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MySQL 5.7 Reference Manual
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B.5.2.11 The table is full

If a table-full error occurs, it may be that the disk is full or that the table has reached its maximum size. The effective maximum table size for MySQL databases is usually determined by operating system constraints on file sizes, not by MySQL internal limits. See Section C.10.3, “Limits on Table Size”.


User Comments
User comments in this section are, as the name implies, provided by MySQL users. The MySQL documentation team is not responsible for, nor do they endorse, any of the information provided here.
  Posted by Stephen DeGabriele on July 16, 2012
I have been struggling with table is full errors for a while and have not found any answers.

Finally stumbled on the answer myself, it had to do with INNODB settings for the innodb_log_file_size and innodb_log_buffer_size

1) shutdown mysql
2) cd /var/lib/mysql
3) mkdir oldIblog
4) mv ib_logfile* oldIblog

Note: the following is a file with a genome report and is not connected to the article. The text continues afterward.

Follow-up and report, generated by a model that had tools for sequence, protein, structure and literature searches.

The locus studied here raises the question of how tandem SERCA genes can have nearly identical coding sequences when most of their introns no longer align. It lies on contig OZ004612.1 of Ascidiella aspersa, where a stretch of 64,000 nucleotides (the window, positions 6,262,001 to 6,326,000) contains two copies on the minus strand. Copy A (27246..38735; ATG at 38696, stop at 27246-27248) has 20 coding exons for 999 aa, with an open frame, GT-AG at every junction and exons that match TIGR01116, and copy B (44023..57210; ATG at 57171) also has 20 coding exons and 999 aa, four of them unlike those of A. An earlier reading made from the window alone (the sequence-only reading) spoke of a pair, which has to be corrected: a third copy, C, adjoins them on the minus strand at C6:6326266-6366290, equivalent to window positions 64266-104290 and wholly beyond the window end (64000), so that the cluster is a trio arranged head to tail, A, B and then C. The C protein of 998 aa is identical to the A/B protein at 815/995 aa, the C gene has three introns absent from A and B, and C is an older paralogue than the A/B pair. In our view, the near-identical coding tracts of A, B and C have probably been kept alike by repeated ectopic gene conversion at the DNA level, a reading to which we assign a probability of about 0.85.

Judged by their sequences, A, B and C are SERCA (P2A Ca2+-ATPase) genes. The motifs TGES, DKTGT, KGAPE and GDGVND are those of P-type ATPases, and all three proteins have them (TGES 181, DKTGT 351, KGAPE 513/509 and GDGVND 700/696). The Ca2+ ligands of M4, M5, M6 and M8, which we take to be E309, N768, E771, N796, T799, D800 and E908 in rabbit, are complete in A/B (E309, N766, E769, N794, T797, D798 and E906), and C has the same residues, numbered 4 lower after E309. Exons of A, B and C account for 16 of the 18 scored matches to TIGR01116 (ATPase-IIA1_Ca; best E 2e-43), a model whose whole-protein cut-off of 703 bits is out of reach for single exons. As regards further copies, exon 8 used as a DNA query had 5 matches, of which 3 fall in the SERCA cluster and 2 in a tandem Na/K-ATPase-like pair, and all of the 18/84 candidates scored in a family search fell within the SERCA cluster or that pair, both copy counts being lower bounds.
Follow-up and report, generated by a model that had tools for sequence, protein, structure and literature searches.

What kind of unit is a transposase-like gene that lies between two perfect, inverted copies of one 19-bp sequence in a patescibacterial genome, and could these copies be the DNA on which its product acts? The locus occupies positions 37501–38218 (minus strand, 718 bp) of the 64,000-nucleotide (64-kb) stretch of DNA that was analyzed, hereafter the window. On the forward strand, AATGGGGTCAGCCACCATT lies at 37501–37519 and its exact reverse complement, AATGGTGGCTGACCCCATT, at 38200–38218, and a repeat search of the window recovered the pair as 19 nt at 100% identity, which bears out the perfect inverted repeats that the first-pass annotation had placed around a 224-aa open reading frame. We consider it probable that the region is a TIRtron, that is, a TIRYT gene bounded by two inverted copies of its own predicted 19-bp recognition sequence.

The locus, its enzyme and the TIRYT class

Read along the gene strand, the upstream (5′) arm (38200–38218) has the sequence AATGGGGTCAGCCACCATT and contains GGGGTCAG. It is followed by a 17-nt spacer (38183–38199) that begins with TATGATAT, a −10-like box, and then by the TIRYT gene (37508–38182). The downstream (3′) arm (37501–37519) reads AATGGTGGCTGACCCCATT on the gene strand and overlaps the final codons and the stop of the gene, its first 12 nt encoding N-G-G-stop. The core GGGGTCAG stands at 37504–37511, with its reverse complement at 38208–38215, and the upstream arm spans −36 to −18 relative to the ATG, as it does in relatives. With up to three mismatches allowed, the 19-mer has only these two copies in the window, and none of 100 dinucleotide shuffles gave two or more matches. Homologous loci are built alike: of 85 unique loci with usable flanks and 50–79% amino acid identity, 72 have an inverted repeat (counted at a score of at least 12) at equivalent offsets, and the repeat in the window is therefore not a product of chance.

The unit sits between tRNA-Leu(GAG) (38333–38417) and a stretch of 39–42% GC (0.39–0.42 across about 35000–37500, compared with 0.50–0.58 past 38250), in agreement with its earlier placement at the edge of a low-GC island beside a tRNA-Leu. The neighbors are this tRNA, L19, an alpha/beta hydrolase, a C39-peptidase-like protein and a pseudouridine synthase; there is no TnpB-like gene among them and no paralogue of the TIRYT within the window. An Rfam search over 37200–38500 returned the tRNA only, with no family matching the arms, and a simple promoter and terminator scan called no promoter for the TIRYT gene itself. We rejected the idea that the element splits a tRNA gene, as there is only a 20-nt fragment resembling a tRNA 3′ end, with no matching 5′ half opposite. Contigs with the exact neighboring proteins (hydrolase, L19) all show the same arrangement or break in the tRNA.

5) edit /etc/my.cnf find the line innodb_log_file_size= and increase it to an appropriate value (I went to 1000MB as I am dealing with a very large dataset... 250million rows in one table). If you are not sure I suggest doubling the number every time you get a table is full error. I set innodb_log_buffer_size to 1/4 of the size of my log file and the problems went away.

Hope this helps others!

  Posted by Andrew Gray on April 10, 2017
We encountered a similar problem under Linux, where the datadir was mounted via NFS from a Netapp filer.
A SQL Load data command was failing with the error: Database 'LOAD' operation failed: The table 'volume_uid_age' is full
This database used InnoDB and innodb_file_per_table=1

In the filesystem we could see that the table (.ibd) was just under 2GB.

The problem was that the NFS mount was being performed with the option 'nfsvers=2'.
NFS v2 has a 2GB filesize limit.

Shutdown everything down, unmount the filesystem, change /etc/fstab to nfsvers=3, remount and restart.
Problem resolved.
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